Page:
Analysis of total testosterone levels showed a dose-dependent effect of fezolinetant on the reduction of total testosterone. The change in total testosterone at weeks 3, 6 and 12 was -19%, -14% and -17% with 60mg fezolinetant, and -32%, -31% and -33% with 180mg fezolinetant. Pharmacokinetic analysis suggested the higher concentration of fezolinetant suppressed androgen levels for the entire day.

Similarly fezolinetant also decreased levels of LH (more than FSH), causing a significant dose-dependent decrease in the LH/FSH ratio, compared to placebo, by week 12. Other hormone levels, estradiol and progesterone, did not change in either fezolinetant dosage group.

Interestingly 12 weeks of fezolinetant treatment failed to improve PCOS syndrome questionnaire scores, ultrasound parameters or menstrual cycles.

A slight but statistically insignificant decrease in AMH levels was noted, with a similar trend in ovarian volume, for the 180mg treatment group. The authors suggested this may be an early sign of improved clinical outcomes with longer studies required to confirm.

Safety wise headaches, paresthesia, rash, nausea, nasopharyngitis, superficial thrombophlebitis and depression were recorded as adverse events. The most common of these was headaches and paresthesia occurring in 39.1% and 17.1% of women respectively in the 180mg treatment group.

No change in vital signs, ECG values or bone density markers was seen however a dose-related increase in creatinine was observed in 3.7% of placebo patients, 4.3% of women taking 60mg fezolinetant and 18.2% of women taking 180mg fezolinetant.


Neurokinin 3 receptor antagonist (blocker) medication, targets the central cause of hormone dysregulation in women with PCOS, the KNDy neurons within the hypothalamus region of the brain, by decreasing the secretion of LH, improving LH to FSH ratios and reducing total testosterone levels.


  1. Small study size and heterogeneity of women with differences in BMI, SHBG, metabolic markers and incidence of oligomenorrhea not adjusted for in the results.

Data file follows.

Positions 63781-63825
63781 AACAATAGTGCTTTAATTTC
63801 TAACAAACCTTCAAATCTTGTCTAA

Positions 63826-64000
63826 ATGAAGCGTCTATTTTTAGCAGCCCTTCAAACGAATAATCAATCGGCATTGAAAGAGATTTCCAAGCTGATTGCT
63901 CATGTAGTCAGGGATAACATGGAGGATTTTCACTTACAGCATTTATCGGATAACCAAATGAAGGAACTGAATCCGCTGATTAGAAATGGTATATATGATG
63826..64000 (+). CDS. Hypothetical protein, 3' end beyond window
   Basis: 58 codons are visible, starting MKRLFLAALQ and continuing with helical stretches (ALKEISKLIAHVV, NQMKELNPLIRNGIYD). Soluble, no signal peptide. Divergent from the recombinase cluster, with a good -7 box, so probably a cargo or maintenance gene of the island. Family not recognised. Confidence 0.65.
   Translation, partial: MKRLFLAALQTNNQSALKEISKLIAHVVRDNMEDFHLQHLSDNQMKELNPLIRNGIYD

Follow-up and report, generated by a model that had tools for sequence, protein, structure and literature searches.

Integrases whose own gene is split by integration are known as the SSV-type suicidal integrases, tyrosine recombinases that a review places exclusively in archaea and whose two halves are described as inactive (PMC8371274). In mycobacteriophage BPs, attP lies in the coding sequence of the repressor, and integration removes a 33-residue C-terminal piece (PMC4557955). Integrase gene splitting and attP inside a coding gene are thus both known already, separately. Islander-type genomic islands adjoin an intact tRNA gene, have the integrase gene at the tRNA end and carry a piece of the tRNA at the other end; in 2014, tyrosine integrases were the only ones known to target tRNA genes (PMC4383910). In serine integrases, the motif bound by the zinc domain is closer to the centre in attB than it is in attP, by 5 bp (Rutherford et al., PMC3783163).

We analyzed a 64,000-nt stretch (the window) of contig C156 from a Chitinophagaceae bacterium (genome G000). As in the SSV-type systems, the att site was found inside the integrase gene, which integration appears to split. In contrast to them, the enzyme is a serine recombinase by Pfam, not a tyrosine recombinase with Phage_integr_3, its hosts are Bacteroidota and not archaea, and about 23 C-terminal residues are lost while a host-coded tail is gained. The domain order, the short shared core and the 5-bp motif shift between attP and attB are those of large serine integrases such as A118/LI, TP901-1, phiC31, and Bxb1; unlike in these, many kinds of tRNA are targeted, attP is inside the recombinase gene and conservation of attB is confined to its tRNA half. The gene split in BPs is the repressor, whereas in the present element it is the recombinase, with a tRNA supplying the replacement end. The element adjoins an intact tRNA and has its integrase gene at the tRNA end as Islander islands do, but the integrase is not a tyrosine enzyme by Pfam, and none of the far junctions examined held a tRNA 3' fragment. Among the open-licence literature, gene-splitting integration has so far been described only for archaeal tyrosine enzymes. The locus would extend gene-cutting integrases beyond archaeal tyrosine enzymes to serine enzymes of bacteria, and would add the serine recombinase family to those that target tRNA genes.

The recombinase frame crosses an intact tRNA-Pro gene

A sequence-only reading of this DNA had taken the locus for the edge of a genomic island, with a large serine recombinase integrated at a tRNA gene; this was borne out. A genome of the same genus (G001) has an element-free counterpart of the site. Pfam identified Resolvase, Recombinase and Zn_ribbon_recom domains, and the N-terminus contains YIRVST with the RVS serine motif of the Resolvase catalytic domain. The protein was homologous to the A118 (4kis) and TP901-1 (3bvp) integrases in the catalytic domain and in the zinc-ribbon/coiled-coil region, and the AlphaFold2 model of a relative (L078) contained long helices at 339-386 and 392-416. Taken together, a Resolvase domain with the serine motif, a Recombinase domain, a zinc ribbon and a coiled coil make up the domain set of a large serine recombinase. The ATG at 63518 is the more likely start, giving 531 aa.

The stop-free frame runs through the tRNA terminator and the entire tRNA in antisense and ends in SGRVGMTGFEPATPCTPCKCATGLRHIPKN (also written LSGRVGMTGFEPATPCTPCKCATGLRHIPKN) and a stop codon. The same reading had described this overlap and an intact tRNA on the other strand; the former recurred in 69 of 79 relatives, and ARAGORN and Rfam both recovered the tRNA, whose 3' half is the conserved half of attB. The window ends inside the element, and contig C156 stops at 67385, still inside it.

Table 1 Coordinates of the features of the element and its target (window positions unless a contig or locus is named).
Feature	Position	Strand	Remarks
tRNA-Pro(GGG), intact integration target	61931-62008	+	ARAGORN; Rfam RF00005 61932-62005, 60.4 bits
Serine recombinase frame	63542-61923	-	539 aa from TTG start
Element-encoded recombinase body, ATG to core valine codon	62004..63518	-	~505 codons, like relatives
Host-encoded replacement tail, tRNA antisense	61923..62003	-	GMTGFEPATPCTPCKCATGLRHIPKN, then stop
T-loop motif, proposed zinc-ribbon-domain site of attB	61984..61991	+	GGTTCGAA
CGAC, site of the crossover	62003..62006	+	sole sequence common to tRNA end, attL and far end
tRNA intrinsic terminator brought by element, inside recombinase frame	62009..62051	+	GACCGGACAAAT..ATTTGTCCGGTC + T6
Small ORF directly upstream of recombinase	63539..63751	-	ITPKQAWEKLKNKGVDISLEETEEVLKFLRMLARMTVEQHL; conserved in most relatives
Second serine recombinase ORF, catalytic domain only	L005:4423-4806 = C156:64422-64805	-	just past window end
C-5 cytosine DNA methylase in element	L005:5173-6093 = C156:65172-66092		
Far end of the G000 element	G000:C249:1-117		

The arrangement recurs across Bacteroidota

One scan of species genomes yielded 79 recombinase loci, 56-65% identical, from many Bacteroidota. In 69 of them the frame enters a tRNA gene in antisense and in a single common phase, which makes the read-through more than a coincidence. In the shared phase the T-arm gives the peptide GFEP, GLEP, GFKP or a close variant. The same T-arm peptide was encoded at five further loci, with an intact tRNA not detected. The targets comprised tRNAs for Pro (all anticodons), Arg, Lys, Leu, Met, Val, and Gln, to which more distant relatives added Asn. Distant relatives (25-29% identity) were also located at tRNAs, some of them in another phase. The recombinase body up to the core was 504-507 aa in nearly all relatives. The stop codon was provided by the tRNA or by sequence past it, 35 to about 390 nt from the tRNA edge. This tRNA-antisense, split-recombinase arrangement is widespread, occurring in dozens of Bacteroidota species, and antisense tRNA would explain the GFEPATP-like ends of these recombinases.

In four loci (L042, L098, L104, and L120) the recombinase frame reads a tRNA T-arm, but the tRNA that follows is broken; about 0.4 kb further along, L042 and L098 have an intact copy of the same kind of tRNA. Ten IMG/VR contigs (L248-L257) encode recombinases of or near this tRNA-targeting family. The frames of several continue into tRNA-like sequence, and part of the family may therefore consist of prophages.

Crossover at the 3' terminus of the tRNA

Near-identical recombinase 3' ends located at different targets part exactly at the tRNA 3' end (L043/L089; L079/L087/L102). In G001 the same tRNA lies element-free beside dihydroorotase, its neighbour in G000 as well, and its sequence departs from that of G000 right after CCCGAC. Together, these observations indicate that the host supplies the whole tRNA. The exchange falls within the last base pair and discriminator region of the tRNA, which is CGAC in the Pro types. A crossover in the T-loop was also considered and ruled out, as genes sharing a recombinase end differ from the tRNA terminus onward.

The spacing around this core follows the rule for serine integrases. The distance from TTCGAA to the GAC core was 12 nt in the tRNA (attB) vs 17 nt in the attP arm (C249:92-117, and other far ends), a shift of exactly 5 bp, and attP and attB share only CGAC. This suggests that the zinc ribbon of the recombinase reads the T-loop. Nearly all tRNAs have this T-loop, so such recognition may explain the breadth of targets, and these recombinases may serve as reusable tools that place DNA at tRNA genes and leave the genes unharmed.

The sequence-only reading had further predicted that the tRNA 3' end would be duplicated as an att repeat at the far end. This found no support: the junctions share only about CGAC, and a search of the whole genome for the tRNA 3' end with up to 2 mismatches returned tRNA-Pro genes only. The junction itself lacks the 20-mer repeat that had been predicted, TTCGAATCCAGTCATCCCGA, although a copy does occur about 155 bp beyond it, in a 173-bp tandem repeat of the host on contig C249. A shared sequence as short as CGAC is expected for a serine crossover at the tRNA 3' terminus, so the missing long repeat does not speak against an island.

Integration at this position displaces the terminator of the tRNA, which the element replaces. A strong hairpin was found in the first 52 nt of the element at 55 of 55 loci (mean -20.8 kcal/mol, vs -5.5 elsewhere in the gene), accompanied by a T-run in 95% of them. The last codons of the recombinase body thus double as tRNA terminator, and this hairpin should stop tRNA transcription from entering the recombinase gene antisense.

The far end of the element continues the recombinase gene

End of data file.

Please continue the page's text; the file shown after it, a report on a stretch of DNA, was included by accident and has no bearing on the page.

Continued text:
2. Short trial period (3 instead of 6-9 months) limited clinical outcomes requiring further studies to evaluate the long term benefits of fezolinetant


This study was sponsored by OGEDA S.A. (Gosselies, Belgium), a wholly owned subsidiary of Astellas Pharma, Inc.


The response to a drug varies with the quantity administered.

Common cold (virus) diagnosed by swelling of the nasal passages and back of the throat (pharynx).

A burning or prickling sensation that usually felt in the hands, arms, legs or feet and can also occur in other parts of the body.

Pulse frequency
Number of secretions per a specific unit of time (hour, day).

Chemical structures, composed of protein, that receive and transduce signals within a biological system.

Superficial thrombophelbits
Blood clot in the superficial vein just under the skin.

A group of enzymes that catalyze the interconversion of amino acids and oxoacids by transfer of amino groups.

Similar studies

Skorupskaite K, et al. (2020). Kisspeptin and neurokinin B interactions in modulating gonadotropin secretion in women with polycystic ovary syndrome.

Fraser G L, et al. (2016). The NK3 receptor antagonist ESN364 suppresses sex hormones in men and women.

George J T, et al. (2016). Neurokinin B receptor antagonism in women with polycystic ovary syndrome: a randomized, placebo-controlled trial.

Fraser G L, et al. (2015). The NK3 receptor antagonist ESN364 interrupts pulsatile LH secretion and moderates levels of ovarian hormones throughout the menstrual cycle.


How to get pregnant with Irregular periods

Ovulation disorders are very common and present in 18-25% of couples who see a specialist for infertility treatment. In the general population…. Read more

Getting pregnant with PCOS

Polycystic ovarian syndrome is a common endocrine condition that affects how a woman’s ovaries work. Described as a low-grade chronic…. Read more

Questions or comments?